Cessna is starting to see signs of recovery in the business jet market, but expects delivery rates, which have already plunged more than 40% compared with last year, to drop further in 2010 before increasing again 2011.
Chief executive Jack Pelton says that after "a very rough period of rapid decline in our industry" the manufacturer is "starting to see great signs". He says the order intake has increased and "the used aircraft market is starting to relieve itself of the excess inventory".
After booking an average of only three new orders a month during the first five months of the year, Cessna booked seven orders in June for delivery in 2009. And, in June cancellation rates started to slow, a trend that continued in July.
"It's starting to feel better," Pelton says. "I'd hate to say we can call it the bottom, but I think we're at least stabilising."
Cessna delivered 467 jets in 2008 but now expects to deliver only 275 in 2009, compared with the 535 it had planned for before the economic downturn forced it to slash production and furlough about half of its workforce. Second quarter revenues were down 42% year-on-year.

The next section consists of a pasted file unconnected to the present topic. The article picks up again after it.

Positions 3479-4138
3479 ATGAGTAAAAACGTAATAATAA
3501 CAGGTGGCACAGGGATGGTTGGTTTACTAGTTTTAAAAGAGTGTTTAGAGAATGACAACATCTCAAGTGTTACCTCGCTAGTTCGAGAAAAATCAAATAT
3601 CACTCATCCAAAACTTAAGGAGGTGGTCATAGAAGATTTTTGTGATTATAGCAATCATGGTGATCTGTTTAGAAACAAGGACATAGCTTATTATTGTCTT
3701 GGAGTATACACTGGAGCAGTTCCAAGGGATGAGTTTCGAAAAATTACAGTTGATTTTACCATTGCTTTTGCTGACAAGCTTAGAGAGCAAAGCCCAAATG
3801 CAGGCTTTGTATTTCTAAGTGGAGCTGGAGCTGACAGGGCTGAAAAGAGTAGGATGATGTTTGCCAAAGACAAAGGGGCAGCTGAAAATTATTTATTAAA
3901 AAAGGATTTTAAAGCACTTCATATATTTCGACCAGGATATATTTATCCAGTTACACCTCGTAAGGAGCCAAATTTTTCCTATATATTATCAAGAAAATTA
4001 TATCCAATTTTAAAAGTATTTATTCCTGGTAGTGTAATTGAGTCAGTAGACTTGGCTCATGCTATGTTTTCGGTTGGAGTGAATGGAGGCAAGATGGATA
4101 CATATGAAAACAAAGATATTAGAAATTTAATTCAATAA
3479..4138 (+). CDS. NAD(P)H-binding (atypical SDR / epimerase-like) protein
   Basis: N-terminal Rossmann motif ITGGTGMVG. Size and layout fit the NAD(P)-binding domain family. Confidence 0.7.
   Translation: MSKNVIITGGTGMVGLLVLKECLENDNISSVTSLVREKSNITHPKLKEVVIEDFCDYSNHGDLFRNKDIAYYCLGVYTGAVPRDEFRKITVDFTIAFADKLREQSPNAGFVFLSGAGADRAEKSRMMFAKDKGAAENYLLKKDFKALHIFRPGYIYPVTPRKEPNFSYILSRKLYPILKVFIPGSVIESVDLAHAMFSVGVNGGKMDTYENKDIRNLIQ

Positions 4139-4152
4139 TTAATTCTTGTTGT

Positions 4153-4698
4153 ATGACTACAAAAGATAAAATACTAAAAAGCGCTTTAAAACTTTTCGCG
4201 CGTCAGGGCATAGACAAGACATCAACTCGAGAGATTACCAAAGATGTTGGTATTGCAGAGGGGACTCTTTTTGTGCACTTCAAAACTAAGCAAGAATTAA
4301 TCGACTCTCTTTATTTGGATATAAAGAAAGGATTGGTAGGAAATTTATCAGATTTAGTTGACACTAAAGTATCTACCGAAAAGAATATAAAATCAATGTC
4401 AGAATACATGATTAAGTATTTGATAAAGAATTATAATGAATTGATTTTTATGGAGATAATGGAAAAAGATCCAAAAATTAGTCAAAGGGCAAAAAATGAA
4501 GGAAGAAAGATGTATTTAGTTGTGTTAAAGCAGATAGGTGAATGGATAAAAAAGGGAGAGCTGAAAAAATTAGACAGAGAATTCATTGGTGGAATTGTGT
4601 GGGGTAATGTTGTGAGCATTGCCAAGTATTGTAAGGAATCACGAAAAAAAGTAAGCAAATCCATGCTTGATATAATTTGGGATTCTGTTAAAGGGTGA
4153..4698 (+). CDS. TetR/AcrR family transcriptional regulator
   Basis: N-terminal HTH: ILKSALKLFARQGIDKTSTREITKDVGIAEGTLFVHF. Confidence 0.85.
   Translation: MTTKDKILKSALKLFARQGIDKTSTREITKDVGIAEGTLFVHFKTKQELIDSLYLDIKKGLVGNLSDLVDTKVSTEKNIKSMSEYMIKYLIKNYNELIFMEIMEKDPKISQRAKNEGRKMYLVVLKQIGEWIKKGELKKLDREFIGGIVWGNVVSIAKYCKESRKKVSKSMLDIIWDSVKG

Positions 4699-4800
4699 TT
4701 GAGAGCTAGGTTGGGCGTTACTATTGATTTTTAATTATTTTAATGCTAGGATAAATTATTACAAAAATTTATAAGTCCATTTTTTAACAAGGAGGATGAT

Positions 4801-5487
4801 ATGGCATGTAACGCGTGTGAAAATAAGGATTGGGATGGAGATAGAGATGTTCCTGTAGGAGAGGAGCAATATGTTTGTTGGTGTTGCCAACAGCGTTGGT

While market conditions seem to be improving, Cessna will not increase production until at least 2011. Vice-president for Citation sales Gordon Vieth says: "We want to come out of 2010 with a reasonable backlog."
For the remainder of this year and 2010 the company will focus on selling off its inventory of white tails, which swelled in the first half of 2009 because the manufacturer did not want to stop producing aircraft that were cancelled but already in the pipeline.
Vieth says the entry-level Mustang has been the best-performing model during the downturn and will account for 125 aircraft, or one-third of Cessna's jet deliveries this year, compared with 101 units and 22% last year. "When we get a cancellation we have no problem selling it," he says.
Cessna has not released a piston forecast for 2009 and 2010, but Pelton says piston deliveries started to go down last year and have now stabilised: "We believe it will start picking back up again next year," Pelton says.